Ramayana, translated by William Buck, is an ancient Indian epic telling the story of a prince named Rama who fights against his adversary, Ravana. Although there are many important female characters throughout the book, they are often seen as subordinate to their male counterparts where intelligence and strength are concerned. One character who proves this stereotype wrong is Sita, Rama’s wife, who often shows that she has the capacity of being just as powerful as the men of the story. By being more mindful than most people around her, Sita defies the expectations that many characters have placed on her. Sita lets the reader see another side of women’s power and shows us the strength that women could have. The reason that Sita proves to be powerful is that she seems to have an understanding of the deeper meaning of her life; precisely the quality that men don’t expect her to have.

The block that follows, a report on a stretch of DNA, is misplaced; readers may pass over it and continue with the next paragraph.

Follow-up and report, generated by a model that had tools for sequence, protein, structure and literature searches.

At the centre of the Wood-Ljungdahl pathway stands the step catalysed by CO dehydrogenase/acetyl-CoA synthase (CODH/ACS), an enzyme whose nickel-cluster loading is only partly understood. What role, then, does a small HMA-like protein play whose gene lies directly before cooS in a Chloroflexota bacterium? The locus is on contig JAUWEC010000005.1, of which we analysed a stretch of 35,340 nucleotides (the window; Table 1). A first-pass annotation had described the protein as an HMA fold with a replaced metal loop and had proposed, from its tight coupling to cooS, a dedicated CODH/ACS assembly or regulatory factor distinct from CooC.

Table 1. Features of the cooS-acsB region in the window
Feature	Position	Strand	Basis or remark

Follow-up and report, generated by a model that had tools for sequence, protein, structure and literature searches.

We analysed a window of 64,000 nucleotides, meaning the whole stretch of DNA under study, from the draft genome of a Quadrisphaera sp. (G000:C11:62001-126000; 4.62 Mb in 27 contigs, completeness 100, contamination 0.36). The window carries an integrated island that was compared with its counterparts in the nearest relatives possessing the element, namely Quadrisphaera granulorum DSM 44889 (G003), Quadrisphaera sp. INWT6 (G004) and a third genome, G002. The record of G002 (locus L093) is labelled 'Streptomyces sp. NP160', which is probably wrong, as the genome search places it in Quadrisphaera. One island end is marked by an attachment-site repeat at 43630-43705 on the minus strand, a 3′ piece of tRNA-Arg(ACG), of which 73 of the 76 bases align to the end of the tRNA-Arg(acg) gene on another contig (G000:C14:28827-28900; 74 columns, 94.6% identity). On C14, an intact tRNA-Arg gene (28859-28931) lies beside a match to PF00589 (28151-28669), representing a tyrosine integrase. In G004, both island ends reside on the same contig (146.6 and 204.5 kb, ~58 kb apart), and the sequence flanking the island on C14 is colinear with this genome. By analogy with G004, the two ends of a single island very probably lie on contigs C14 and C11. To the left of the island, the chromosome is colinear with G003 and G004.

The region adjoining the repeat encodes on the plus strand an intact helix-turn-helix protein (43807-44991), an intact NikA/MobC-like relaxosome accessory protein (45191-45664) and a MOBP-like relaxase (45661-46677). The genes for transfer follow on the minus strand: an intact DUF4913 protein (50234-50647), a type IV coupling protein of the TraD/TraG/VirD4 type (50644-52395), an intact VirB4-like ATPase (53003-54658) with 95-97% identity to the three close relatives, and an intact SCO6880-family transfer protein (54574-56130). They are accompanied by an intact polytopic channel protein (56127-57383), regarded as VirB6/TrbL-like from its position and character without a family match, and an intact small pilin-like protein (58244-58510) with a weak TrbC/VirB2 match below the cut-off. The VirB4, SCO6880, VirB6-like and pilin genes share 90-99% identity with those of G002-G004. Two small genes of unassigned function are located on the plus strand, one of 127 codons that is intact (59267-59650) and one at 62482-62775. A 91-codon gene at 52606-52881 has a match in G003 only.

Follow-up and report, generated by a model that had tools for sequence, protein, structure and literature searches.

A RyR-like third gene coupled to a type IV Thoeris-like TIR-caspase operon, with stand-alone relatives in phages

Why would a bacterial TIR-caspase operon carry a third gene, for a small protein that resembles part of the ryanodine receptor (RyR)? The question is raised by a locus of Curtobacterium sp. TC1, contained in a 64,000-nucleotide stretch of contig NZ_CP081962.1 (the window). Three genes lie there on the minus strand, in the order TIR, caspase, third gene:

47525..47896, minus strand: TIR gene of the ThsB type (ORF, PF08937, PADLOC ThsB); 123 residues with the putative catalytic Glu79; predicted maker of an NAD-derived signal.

Many men in the epic dismiss women’s abilities, or the possibility that they could be equals. Often, they write women off as not being intelligent. When Vali, the monkey king’s brother, tells his wife, Tara, that “the only reason to consult a woman is to find out what not to do” (Buck 196), implying that women cannot understand life or have authority. Vali completely ignores the validity of Tara’s argument because he perceives her, and all women, to be less intelligent than he. Vali’s opinion in this scene speaks to the larger view of women’s intellect throughout this epic. Women are also